In the published opinion in the matter of Division of Child Protection and Permanency v. T.U.B. & J.E.C., (A-2565-15T2) the trial court terminated the Defendant’s parental rights in a Title 30 guardianship case based upon the admission of hearsay statements by children about corroborated allegations of abuse or neglect pursuant to N.J.S.A. 9:6-8.46(a)(4). The hearsay statements made by the children involved allegations of sexual abuse that were later in part recanted by one of the non-testifying child declarants. The trial court accepted the truth of those allegations, which were not directly corroborated by independent admissible proof that the defendant did sexually assault the two girls. The two girls did not testify at the Title 30 guardianship trial.
N.J.S.A. 9:6-8.46(a)(4) states the following: “In any hearing under this act, including an administrative hearing held in accordance with the ‘Administrative Procedure Act,’ . . . (4) previous statements made by the child relating to any allegations of abuse or neglect, shall be admissible in evidence: provided, however, that no such statement, if uncorroborated, shall be sufficient to make a fact finding of abuse of neglect.” Title 9 is New Jersey’s statute related to child abuse. Title 30 is New Jersey’s statute with standards and procedures for determining whether a child is to be removed from his/her home. The trial judge in this case reasoned that Title 9 and Title 30 should be “construed together as a unitary and harmonious whole” and, therefore, the hearsay exception of N.J.S.A. 9:6-8.46(a)(4) was applicable to the termination of parental rights proceeding under Title 30.
The Appellate Division disagreed, holding that the plain reading of N.J.S.A. 9:6-8.46(a)(4) confines the hearsay exception to abuse-or-neglect cases litigated in Title 9 proceedings, and not Title 30 termination cases.
In addition, to examining the plain language of the statute, the Appellate Division reviewed the legislative history of the statutes. The Appellate Division noted that the hearsay exception in N.J.S.A. 9:6-8.46(a)(4) appears only in Title 9 — and not in Title 30. Title 9 opens with limiting language stating that “In any hearing under this act . . . .”. Furthermore, Title 9 proceedings differ from Title 30 proceedings in the following respects: 1) Title 9 proceedings are intended to be started and completed quickly, while Title 30 proceedings stress a more deliberative and comprehensive approach; 2) Title 9 proceedings are geared toward an interim form of relief, while Title 30 proceedings are geared toward the permanent termination of parental rights; and 3) the differing standards of proof applicable to those disparate proceedings highlight a fundamental difference between the two. Thus, the legislature plainly conveyed that the evidentiary provisions set within subsection (a)(1) through (4) are all specifically for Title 9 proceedings. “Over the years, when overhauling or modifying provisions within Title 9 or Title 30, the legislature has frequently dealt with those Titles separately.”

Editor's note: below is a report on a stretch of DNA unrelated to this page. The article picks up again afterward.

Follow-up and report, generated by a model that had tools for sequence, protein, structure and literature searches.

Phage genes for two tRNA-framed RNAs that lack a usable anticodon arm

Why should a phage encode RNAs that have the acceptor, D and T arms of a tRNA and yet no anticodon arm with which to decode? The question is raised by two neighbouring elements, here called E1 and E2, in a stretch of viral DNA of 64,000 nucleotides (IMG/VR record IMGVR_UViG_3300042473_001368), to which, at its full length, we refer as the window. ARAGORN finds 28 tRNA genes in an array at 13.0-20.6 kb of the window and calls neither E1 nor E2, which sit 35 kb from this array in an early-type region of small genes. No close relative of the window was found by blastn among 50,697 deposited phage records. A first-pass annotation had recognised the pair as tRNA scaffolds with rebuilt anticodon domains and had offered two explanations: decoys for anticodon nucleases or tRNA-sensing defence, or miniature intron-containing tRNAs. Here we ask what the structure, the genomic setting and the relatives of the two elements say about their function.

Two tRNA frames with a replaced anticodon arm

Moreover, Title 9 and Title 30 have different burdens of proof. Under Title 9 cases the Division’s burden of proof is a “preponderance of the evidence”. Under Title 30 cases the Division’s burden of proof is much higher as the Division has to make their case by “clear and convincing” evidence. Since the termination of a parent’s right to raise his or her child is permanent under Title 30, the Division has a tougher burden of proof, unlike Title 9 cases involving abuse and neglect. Therefore, the special evidentiary rules in N.J.S.A. 9:6-8.46(a), which ease the Division’s burden in Title 9 cases is limited to Title 9 cases. In pursuing Title 30 termination cases, the Division has to provide more rigorous and persuasive proof.
However, the Appellate Division stated that it rendered its decision mindful that the legislature retains the ability to adopt a curative amendment to Title 30 to extend the hearsay exception in N.J.S.A. 9:6-8.46(a)(4) to future termination proceedings, if it chooses to do so.
What is clear is that if you are involved in either a Title 9 or Title 30 case or any case involving the Division of Child Protection and Permanency, you should either retain a lawyer or ask for a lawyer to be appointed. There are complexities in such cases and with such significant outcomes, that they are not the kinds of cases one would want to handle on their own.